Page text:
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Suggs, Smith among six Ravens named to PUP list

Suggs, Smith among six Ravens named to PUP list

The Ravens announced six players placed on the physically unable to perform list Saturday - linebacker Terrell Suggs, wide receivers Steve Smith Sr. and Breshad Perriman, linebacker Elvis Dumervil, running back Trent Richardson, and cornerback Jumal Rolle.

Quarterback Joe Flacco (knee), cornerback Jimmy Smith (foot), tight end Dennis Pitta (hip), and cornerback Will Davis (knee) were not placed on PUP, indicating they were ready for the team’s first full-team training camp practice Thursday.

Any player on the PUP list can be activated and return to practice at any point prior to the regular season. Once a player is placed on the regular-season PUP list, he must sit out at least the first six weeks of the regular season.

RELATED: WILL SMITH'S BODY BETRAY HIM AGAIN?

Rolle (Achilles injury) is expected to miss the entire season. Here’s the breakdown on the other five PUP list players:

Suggs – He still has not fully recovered from his season-ending Achilles injury suffered in Week 1 last September. Suggs is scheduled to meet with the media Wednesday, where further details about his progress should be revealed.

Smith Sr. – Also recovering from a season-ending Achilles injury suffered in November. Smith said he would not care if he missed the entire preseason. His priority is to be ready by Week 1.

Perriman – He suffered a knee injury during minicamp which did not require season-ending surgery. However, Perriman has still not played a preseason or regular season game since being drafted in the first round in 2015. After two knee injuries in two years, the Ravens have every reason to be cautious with Perriman until they think he is ready to return.

Dumervil – He had offseason foot surgery after playing through pain last season. Dumervil missed mandatory minicamp, but did not sound concerned about being ready for Week 1.

Richardson – His lingering hamstring issue could ruin his bid for an NFL comeback. The Ravens are deep at running back, and Richardson needs to get healthy to have any chance to win a roster spot.

MORE RAVENS: FLACCO HAS LONG ODDS FOR MVP

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Best case, worst case scenario for WR Steve Smith Sr.

Best case, worst case scenario for WR Steve Smith Sr.

Clifton Brown and Bo Smolka are taking turns putting 25 key Ravens under the microscope leading up to veterans reporting to training camp. They’ll speculate on a best-case, worst-case scenario for at least one player every day, concluding with quarterback Joe Flacco on July 25.

UNDER THE MICROSCOPE: Steve Smith Sr., 37-year-old wide receiver

Best-case scenario for Smith:

He enjoys a typical 1,000-yard season, and he remains the Ravens’ top receiver.

Why it could happen:

It’s dangerous to bet against Smith making a full recovery from Achilles surgery, even in the twilight of his career. Few athletes perform with more of a chip on their shoulder than Smith, who is always driven to prove doubters wrong. He’s a technician at route running, he studies film diligently, and he’s a master at using his body and hands to ward off defenders. Smith never relied on pure speed to be a top receiver. So even if he’s a tad less explosive, Smith has the talent to end his career playing at a high level.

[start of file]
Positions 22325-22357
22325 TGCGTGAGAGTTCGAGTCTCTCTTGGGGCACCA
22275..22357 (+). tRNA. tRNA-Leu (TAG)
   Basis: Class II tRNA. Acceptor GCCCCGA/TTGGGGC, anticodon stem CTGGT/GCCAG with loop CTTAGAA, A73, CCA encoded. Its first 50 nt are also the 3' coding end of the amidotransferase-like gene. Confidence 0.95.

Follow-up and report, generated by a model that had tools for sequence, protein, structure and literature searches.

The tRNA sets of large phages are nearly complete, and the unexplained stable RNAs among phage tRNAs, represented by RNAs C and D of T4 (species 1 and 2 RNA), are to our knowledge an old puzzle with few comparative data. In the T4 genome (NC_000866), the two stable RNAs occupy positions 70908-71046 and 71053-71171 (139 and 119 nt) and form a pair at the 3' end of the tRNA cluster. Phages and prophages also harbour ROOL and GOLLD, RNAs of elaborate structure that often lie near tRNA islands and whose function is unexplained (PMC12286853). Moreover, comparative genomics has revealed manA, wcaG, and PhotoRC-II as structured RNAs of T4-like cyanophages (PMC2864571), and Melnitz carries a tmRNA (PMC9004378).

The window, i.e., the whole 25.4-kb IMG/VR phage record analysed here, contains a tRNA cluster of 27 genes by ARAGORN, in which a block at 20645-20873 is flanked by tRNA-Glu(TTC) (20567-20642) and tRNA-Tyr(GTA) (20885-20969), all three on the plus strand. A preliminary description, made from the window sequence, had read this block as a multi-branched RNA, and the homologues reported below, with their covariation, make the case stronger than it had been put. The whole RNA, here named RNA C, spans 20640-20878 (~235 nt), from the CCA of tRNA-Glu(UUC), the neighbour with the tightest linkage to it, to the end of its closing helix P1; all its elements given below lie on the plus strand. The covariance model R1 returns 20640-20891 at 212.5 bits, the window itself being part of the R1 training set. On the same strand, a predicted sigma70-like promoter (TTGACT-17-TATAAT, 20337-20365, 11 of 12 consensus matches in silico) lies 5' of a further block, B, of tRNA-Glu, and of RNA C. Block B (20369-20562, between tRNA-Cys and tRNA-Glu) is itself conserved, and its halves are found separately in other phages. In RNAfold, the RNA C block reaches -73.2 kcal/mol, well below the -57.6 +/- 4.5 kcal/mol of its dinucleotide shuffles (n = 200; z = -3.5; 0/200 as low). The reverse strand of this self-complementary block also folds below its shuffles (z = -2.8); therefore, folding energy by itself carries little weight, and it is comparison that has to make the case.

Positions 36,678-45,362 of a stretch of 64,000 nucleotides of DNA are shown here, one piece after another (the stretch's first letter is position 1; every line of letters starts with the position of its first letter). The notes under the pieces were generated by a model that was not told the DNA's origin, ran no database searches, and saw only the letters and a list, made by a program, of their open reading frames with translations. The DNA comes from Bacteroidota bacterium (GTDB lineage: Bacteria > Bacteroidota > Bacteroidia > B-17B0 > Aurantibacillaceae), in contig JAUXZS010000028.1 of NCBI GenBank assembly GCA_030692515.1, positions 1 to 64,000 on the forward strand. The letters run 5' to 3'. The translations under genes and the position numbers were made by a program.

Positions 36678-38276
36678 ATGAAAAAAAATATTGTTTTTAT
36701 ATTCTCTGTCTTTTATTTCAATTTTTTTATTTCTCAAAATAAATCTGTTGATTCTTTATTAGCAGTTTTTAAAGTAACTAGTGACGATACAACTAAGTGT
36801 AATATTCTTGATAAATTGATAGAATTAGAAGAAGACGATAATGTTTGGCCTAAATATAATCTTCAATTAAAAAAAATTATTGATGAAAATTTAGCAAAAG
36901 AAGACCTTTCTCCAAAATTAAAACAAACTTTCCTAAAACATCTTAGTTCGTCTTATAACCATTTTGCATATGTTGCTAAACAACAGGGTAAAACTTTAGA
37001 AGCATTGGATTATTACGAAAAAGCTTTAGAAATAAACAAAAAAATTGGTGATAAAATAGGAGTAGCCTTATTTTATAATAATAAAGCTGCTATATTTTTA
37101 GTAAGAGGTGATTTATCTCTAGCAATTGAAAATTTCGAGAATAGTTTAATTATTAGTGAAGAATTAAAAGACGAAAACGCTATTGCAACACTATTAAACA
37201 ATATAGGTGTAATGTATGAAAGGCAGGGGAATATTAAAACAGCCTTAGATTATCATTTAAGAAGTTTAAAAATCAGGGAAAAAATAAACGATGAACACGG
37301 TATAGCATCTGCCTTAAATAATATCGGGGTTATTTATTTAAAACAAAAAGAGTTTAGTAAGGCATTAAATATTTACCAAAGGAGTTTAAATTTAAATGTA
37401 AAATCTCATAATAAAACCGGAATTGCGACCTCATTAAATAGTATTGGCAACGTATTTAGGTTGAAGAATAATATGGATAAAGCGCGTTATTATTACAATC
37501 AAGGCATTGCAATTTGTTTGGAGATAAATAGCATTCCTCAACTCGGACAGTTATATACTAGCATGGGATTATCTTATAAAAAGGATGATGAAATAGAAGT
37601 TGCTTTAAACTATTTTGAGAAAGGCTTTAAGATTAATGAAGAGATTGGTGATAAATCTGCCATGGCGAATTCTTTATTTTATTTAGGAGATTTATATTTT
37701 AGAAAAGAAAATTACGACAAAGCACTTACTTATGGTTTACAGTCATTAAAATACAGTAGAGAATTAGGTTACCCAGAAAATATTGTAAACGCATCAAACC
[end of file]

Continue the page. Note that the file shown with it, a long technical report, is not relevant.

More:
Worst-case scenario for Smith:

Smith’s body betrays him, and the Ravens’ depth at wide receiver reduces his playing time and role.

Why it could happen:

Father Time is undefeated, and may finally be calling for Smith. The older an athlete gets, the harder it gets to recover from injuries. With their deep group of tight ends, and the addition of wide receivers Mike Wallace and rookie Chris Moore, the Ravens may not be as dependent on Smith as they have been. Even if Smith is healthy, his role in the offense might be less prominent.

RELATED: FLACCO HAS LONG ODDS FOR MVP

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Flacco has same MVP odds as Winston and Mariota

Flacco has same MVP odds as Winston and Mariota

Joe Flacco has been a Super Bowl MVP and has won 10 playoff games. Marcus Mariota and Jameis Winston have played one NFL season.

However, all three of those quarterbacks have been given the same odds (100/1) of winning next season’s MVP award by sportsbook Bovada.lv.

People who think Flacco is an elite quarterback may view that as disrespect. But the Bovada.lv odds throw even more shade at Flacco.

Sixteen quarterbacks are given a better chance of winning the MVP award in 2016 than Flacco. Some of the names you would expect, like Aaron Rodgers, who is the favorite at 4/1, followed by Ben Roethlisberger (7/1), Cam Newton (15/2), Russell Wilson (8/1), and Tom Brady (9/1).

But do Blake Bortles (66/1) of the Jaguars or Brock Osweiler of the Texans (66/1) really have a better chance of winning the MVP than Flacco? According to Bovada.lv they do. That’s also an indication that not much is expected from the Ravens overall after their 5-11 season. The better your team does, the better your chances of winning the MVP.

Newton won the MVP last year starting at 50/1 odds. So if you believe in Flacco and the Ravens, those 100/1 MVP odds for Flacco may look like an enticing play.

RELATED: Can Dumervil lead a rebirth of Ravens's pass rush?